Only a very small percentage of people who have hemorrhoids will end up requiring hemroid surgery. Usually you will be able to get hemorrhoid relief with dietary changes like improving your diet and hemorrhoid creams that reduce inflammation and provide relief from pain and itching. Only in the case of severely inflamed or painful hemorrhoids will your doctor recommend surgery as your only option. The thought of hemorrhoid surgery can be frightening for a lot of people, but many advances have been made recently in the surgical treatment of hemorrhoids. Although any surgery comes with risks, hemroid surgeries are performed everyday and the risks are minimal.
The Hemorrhoidectomy is the original hemorrhoid surgery which involved cutting off the hemorrhoid with a scalpel. This surgery is still done today, but because tissue is cut with a scalpel, it is painful, healing is slow, and there is a potential for long term incontinence. Many newer procedures have gained favor over the hemorrhoidectomy, resulting in less pain, fast recoveries, and fewer long term risks. These newer surgical solutions all involve cutting off the blood supply to the hemorrhoid which allows it to dry up, cutting off the blood supply can be done with lasers, stitches, or rubber bands.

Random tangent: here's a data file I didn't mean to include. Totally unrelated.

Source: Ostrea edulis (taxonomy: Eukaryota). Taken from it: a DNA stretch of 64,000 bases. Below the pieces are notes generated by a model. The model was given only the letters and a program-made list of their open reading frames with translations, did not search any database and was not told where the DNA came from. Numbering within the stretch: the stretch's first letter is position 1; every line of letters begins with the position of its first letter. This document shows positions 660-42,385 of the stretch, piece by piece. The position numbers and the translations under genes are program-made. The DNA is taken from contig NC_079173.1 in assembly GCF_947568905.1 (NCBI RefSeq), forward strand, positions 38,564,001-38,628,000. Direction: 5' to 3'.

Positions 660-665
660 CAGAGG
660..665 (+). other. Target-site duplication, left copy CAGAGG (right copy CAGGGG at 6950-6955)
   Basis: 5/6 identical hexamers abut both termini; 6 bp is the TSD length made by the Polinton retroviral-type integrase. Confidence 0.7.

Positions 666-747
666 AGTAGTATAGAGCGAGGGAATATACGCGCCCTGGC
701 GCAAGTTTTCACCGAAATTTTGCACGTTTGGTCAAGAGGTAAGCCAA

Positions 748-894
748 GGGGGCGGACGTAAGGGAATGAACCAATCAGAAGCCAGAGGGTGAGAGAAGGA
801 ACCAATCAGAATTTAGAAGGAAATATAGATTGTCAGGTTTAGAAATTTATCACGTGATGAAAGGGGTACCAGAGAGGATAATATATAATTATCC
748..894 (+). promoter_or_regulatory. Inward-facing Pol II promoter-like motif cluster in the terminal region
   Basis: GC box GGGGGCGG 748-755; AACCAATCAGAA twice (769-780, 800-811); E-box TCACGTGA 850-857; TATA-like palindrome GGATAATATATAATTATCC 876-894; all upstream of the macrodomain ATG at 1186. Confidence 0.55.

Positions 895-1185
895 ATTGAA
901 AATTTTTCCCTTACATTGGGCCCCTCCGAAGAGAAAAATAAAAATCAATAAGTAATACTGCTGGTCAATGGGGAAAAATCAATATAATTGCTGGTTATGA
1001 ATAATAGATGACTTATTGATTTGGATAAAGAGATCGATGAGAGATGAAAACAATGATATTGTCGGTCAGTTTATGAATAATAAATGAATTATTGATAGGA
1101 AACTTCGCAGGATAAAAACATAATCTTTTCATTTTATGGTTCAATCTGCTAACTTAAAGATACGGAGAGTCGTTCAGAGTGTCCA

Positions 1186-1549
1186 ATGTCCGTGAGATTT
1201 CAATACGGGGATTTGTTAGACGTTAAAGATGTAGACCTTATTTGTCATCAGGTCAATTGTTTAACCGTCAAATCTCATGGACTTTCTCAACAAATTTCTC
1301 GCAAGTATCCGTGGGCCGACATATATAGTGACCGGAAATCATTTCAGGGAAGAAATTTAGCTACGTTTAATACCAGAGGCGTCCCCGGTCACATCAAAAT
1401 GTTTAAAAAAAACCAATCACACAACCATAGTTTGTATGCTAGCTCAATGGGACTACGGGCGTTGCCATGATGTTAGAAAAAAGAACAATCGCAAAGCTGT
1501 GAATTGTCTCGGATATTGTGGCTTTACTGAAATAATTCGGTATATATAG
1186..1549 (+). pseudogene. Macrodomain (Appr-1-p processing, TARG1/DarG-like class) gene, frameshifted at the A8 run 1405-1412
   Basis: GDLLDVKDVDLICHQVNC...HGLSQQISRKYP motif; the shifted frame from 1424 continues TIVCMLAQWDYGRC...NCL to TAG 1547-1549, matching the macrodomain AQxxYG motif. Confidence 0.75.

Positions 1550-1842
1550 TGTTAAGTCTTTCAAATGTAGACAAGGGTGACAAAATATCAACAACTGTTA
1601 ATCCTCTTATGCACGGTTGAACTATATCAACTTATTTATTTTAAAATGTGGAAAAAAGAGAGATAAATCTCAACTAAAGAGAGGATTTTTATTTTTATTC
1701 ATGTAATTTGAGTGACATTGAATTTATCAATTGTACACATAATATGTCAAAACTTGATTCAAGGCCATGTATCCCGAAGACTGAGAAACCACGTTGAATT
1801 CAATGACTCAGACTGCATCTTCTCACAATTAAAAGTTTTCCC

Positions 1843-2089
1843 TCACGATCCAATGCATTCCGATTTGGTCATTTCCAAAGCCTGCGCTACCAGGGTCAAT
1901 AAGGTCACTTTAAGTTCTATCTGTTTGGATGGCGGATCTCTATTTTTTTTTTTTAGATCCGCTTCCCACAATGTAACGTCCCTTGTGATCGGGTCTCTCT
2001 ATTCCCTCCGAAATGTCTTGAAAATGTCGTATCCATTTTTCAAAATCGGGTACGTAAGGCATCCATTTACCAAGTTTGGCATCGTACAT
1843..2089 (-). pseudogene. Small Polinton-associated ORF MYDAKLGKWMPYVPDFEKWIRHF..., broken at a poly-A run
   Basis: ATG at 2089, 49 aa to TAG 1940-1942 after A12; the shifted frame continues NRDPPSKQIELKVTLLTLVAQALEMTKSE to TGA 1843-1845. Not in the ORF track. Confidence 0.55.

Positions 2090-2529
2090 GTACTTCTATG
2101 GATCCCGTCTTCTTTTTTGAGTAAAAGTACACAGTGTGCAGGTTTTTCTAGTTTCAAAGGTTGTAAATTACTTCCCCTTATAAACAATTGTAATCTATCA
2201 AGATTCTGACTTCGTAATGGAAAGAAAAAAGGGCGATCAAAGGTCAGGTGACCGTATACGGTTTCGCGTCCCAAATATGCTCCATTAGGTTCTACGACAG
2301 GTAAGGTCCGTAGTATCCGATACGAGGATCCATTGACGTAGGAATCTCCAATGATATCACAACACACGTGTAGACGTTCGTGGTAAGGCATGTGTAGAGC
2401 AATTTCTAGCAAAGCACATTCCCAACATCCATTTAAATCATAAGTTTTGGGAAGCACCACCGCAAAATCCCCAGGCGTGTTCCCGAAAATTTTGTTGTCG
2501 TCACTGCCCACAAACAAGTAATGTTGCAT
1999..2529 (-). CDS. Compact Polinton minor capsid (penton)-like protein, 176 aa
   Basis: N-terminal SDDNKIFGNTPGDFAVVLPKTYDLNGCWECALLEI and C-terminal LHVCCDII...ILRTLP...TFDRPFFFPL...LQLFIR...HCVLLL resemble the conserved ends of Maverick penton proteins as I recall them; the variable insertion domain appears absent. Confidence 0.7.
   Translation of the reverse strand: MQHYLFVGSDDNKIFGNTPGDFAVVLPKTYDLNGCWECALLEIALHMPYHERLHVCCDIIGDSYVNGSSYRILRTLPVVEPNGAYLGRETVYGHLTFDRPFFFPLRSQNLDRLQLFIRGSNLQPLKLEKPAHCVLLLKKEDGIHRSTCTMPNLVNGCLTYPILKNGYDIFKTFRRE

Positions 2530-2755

Here are some important questions you should ask the doctor performing your procedure:
What type of procedure will the doctor be performing?
Why is this doctor recommending this procedure rather than one of the others?
Is it possible to avoid having the hemorrhoid surgery?
How many times has the doctor performed this procedure?
How long will the procedure take?
Where will it be performed?
What are possible complications?
How long will it take to heal?
Will the hemorrhoids reoccur?
Will it be done as an inpatient or outpatient basis?
Will you have problems using the bathroom after the surgery?
Do you need to change your diet after the surgery?